**d) none of the above**The Montgomery County Board of Education (BOE) recently released their budget-operating plan for the 2008 fiscal year. The BOE justified its spending plan by boasting about reforms that have brought "unprecedented academic achievement" in MCPS students; achievement measured in part by the performance of Advanced Placement test takers. While MCPS is using such performance to prove they have created better-educated students, all the statistics really show is a watering-down of the curriculum and a push for course enrollment.

The Class of 2006 broke the previous class's record on AP "achievement," with 56 percent of the class taking at least one AP exam and 45 percent scoring a 3 or above, according to the MCPS announcement. While both the percent of students taking APs and score averages are much higher than ten years ago, when very few students took AP classes, the county is drawing a faulty comparison.

Currently, neither the quality nor the rigor of AP courses has remained intact, as the AP curriculum has gone through a systematic watering down. This leads to a false generalization, on MCPS's part, of "effective" achievement. Rather than improving education in schools and narrowing the achievement gap, the county has simply modified the curriculum of its classes to encourage more students to take "higher-level" classes.

When AP classes were first implemented in 1955, they were rigorous, challenging classes, equivalents of freshman or sophomore college courses. "But AP isn't doing what it used to do," magnet math teacher Eric Walstein said. Walstein, who has been teaching at Blair since 1986, has witnessed the change in the curriculum. "Kids are coming to me thinking they know calculus because they took AP Calculus but they really don't because material is being taken out and preparation [for the exams] is bad."

Walstein voices a sad truth about MCPS's push for more kids to take AP classes. Instead of the classes being the college-level courses they are supposed to be, they are being tailored into Honors classes, with many Honors classes regressing to on-level classes. Walstein described it as "course-labeling inflation." More students may be taking AP classes, but without a truly challenging curriculum, the term loses its prestige and value as an indicator of progress.

For example, the College Board implemented a change in its AP Calculus curriculum in 1997, in which material was taken out of the BC Calculus exam (the harder of the two calculus varieties). Since then, the number of students taking BC Calculus has skyrocketed and the ratio of students taking AB Calculus to BC Calculus has plummeted. So, while on the surface it may appear that more students are taking a harder class, in truth, these students are merely taking an entirely different – and easier – class with the same name.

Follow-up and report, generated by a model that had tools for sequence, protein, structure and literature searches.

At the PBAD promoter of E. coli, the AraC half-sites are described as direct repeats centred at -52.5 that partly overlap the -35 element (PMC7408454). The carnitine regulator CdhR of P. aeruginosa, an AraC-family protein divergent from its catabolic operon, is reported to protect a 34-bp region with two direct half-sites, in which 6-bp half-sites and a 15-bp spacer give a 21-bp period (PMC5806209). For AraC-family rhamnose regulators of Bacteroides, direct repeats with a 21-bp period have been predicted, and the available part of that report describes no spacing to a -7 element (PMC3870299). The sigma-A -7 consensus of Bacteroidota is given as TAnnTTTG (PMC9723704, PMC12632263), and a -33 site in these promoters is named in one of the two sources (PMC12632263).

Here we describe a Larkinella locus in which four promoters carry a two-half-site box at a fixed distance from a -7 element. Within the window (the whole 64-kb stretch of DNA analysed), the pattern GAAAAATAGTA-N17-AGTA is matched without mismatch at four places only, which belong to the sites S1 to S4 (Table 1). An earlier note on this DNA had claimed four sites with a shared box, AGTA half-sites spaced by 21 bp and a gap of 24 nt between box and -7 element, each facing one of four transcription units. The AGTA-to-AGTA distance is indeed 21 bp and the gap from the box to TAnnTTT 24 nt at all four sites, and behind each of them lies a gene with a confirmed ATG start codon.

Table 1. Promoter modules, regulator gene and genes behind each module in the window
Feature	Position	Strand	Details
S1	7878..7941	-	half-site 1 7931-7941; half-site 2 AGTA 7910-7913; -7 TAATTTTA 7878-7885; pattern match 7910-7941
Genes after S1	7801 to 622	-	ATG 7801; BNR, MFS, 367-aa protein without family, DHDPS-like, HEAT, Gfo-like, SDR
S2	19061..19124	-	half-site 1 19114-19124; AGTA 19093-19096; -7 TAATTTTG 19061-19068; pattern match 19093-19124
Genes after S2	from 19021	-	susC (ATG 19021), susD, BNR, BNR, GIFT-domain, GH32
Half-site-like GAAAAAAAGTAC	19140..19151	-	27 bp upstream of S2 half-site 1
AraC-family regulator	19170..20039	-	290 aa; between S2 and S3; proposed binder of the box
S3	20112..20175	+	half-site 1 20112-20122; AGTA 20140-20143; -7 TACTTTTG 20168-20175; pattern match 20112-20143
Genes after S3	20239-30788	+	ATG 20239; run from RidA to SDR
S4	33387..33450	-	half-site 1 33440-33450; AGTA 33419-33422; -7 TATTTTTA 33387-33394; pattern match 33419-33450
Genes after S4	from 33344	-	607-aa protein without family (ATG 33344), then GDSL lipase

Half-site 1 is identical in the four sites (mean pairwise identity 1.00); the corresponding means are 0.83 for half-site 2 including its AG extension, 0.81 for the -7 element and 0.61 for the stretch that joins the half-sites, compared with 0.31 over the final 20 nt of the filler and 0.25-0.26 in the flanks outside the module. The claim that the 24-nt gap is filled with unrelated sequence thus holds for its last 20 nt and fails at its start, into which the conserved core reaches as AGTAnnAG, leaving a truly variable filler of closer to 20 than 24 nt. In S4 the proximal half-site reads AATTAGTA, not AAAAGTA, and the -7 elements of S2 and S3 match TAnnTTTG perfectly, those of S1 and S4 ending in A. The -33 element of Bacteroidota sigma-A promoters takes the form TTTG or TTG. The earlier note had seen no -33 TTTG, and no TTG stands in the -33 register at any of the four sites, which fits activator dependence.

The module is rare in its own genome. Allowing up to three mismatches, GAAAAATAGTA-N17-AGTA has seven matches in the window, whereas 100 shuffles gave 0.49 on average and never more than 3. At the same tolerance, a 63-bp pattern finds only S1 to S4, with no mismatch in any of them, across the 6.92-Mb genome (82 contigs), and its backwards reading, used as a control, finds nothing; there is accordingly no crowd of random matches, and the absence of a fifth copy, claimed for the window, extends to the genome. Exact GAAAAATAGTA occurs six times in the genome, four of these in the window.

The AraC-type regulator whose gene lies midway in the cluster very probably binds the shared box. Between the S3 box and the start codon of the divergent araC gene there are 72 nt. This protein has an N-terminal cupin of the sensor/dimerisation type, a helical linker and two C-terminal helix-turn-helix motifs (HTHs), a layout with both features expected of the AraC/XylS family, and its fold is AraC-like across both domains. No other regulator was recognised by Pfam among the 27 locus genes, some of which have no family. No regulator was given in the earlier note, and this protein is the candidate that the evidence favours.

That's not to say that taking AP classes is bad. College and Career Center Assistant Cathy Henderson-Stein said that admission representatives want to see students challenge themselves, and that AP classes are a great way to show them diligence. "If you want to take six or seven AP classes and handle it, then I'm all for that," she said. While Henderson-Stein is correct that AP classes are still harder than regular classes and thus beneficial for higher-level students, the fact that more students are taking them does not show progress.

George Vlasits, who has been teaching AP U.S. History for the past 14 years says, "I think we use statistics to show what we want to show." He agrees that the "achievement" of 45 percent of last year's class taking an AP and scoring a 3 or higher is overblown. A grader of the actual AP tests, Vlasits testifies that although the number of students who take an AP exam has greatly increased, the percentage of students getting a 3 or above has stayed the same.

AP tests are graded on a curve, meaning that a student's score is based on the comparison between how they did and how everyone else does. This way, even though achievement may be down on these tests across the board, the statistics still show students performing well. So while some may argue that an improvement in actual test scores shows that MCPS is doing its job, if counties across the country are also watering-down their curriculums, the percent improvements mean nothing.

AP classes can be highly beneficial for students, but it is clear that they should not be used to mark achievement in high schoolers. The fact that more students are taking AP tests is merely a testimony to the school faculty's ability to motivate kids to sign up for more challenging courses. Yet, if these students end up not learning as much as they should in these classes or getting false indicators of their performance from their AP scores, the student is the one who ends up at a loss. Rather than inflating these numbers to make the county look better, MCPS should promote the real achievements – teachers who teach students more than just how to pass standardized tests.

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## Discuss this Article

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awesome

Students of good teachers who don't teach to a test will still do much better than students of bad teachers who spend their time on test prep. Simple as that.